Given the pompous self-certainty on all sides about the European currency, the faith in some parts of the City and the party that it is utterly essential and the conviction among other businessmen and MPs that it would be a catastrophe, it is a remarkable fact that one of the very few people to be conscious of his human fallibility on this issue is the Prime Minister himself. Yet it is so.

It is terribly cautious and English and, in political terms, humble. But that is probably what most of the Island Race, pinned down in bars, and having been forced to listen to the complexities of the matter, would say, too.

Furthermore, if you strip away the rhetoric, it isn't hugely different from Blair's position. Blair was also trying yesterday to see whether he could push Major further in an anti-European direction, to the point where the Prime Minister himself started to sound like one of the "bastards''. In that, at least, he failed - and rightly, because the distinction between the parties isn't that great.

Both leaders say that economic convergence is hugely important. Both hint that they would contemplate a referendum first. Both stress that nothing is imminent. Both agree that there is no absolute constitutional block on going into a single currency if it looks economically sensible.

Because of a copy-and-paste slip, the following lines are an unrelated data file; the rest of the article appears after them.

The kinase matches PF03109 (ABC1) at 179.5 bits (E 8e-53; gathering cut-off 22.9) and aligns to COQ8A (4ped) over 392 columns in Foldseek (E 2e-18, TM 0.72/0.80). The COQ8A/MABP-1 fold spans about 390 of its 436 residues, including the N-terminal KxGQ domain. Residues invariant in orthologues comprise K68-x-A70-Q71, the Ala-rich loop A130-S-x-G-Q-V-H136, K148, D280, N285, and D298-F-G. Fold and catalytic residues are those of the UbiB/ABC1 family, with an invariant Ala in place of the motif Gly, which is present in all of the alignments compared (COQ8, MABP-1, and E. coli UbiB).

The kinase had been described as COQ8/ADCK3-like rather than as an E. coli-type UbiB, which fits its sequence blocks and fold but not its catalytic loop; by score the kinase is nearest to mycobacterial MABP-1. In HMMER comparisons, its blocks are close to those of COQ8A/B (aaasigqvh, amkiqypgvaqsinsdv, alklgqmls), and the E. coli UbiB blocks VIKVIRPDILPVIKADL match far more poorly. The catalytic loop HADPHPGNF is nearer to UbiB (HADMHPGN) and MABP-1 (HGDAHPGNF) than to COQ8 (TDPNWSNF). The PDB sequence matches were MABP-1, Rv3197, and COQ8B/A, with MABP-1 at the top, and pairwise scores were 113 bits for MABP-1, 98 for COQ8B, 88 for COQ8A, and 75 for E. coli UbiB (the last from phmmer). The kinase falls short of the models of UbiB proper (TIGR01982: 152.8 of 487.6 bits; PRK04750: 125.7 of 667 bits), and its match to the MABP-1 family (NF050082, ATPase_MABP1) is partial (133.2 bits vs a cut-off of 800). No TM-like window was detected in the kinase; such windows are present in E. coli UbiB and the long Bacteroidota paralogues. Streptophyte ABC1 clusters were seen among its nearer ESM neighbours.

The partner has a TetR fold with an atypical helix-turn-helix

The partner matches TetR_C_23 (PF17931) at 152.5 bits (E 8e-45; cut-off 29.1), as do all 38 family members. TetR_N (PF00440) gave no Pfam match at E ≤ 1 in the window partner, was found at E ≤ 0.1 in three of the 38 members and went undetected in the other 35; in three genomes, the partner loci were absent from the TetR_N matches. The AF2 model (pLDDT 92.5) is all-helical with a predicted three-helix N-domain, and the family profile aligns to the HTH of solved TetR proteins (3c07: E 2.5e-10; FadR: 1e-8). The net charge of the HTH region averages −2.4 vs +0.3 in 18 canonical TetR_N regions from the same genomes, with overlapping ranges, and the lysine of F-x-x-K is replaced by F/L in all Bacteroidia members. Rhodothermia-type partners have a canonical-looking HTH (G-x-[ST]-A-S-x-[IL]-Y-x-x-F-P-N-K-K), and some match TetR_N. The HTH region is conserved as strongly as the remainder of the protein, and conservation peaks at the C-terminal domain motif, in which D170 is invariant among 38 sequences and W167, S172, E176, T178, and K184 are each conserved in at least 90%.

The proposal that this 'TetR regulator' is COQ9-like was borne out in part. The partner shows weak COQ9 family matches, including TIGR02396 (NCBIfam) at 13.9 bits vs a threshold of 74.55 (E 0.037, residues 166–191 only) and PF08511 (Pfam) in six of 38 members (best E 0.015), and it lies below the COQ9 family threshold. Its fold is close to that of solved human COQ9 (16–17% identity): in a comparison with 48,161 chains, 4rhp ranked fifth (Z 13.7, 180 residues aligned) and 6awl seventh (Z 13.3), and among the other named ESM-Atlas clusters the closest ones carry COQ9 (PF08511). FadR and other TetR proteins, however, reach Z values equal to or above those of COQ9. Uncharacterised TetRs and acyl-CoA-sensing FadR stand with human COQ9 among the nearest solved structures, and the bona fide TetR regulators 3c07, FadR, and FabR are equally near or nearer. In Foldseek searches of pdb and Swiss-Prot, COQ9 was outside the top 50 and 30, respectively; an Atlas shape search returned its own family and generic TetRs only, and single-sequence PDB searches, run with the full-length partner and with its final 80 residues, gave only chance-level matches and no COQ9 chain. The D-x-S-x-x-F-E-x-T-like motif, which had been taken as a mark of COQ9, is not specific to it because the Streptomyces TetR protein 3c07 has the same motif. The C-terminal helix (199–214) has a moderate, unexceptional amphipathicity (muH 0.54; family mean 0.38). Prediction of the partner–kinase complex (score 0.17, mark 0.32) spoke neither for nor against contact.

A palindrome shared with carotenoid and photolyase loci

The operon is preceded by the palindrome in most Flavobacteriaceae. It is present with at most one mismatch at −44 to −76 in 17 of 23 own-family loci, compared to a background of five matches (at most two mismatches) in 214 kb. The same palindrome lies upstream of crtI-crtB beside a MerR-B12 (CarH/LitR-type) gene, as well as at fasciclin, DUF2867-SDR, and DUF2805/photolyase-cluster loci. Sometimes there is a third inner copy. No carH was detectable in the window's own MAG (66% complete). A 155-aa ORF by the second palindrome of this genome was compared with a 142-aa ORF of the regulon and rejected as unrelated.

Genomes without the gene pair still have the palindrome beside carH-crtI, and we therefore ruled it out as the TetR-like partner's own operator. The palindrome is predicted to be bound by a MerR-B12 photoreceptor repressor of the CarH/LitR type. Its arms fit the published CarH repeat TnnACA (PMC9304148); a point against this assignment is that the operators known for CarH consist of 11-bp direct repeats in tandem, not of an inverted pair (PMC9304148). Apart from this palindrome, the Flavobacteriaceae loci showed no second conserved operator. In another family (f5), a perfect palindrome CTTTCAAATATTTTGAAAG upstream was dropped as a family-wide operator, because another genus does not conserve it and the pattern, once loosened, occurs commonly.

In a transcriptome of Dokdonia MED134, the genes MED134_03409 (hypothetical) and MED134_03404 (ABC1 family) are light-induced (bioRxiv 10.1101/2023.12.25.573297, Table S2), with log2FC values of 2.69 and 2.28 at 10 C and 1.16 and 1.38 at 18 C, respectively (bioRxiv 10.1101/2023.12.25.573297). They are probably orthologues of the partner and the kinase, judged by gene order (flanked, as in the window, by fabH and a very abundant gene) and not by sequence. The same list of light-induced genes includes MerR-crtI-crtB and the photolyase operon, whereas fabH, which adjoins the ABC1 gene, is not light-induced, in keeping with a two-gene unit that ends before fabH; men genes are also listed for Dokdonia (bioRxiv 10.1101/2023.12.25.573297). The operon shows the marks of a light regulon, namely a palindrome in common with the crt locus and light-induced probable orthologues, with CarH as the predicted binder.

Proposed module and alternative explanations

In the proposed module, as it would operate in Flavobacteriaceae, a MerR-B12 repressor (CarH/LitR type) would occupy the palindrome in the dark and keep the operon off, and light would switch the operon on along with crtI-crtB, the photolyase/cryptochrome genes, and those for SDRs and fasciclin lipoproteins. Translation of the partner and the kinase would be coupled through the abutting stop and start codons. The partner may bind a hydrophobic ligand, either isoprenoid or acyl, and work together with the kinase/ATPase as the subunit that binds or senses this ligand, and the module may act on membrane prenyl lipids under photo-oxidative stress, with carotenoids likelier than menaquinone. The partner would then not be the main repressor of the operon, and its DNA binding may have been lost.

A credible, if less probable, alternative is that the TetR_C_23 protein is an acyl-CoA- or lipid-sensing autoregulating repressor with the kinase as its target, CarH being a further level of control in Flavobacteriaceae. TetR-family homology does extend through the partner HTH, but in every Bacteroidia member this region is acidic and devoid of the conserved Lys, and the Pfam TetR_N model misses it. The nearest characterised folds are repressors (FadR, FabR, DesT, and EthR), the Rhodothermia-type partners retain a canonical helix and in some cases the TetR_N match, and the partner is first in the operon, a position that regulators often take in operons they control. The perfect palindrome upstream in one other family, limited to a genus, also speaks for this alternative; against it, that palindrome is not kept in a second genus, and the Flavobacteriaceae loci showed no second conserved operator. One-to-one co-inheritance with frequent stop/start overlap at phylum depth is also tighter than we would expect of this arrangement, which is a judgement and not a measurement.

And both, of course, have divided parties. One of the great bonuses of this European debate is that we are starting to get past the pious hypocrisies of party unity and delve into real arguments.

That leaves the constitutional matter. Major, remarkably, described it as dancing on a pinhead. Well, it's a bit more important than that. But both men know that when voters consider monetary union, they will think about their wallets and jobs, not about the rights of Westminster.

In the end, the great difference is one of leadership style: Blair has decided to try to shape opinion and Major is keener to watch it and follow it. These have always been the two great options confronting any democratic politician. What happened last night, above all else, was that the contrast was sharpened and accentuated by both of them. It has hardened the two caricatures and helped to set the terms for the next election. From now on, the equation Labour-European, Tories-sceptic, will be easier to make. That is a trap and one of the leaders will be maimed by it. And I think I know who was screaming. But even from the Press gallery, we couldn't be absolutely sure.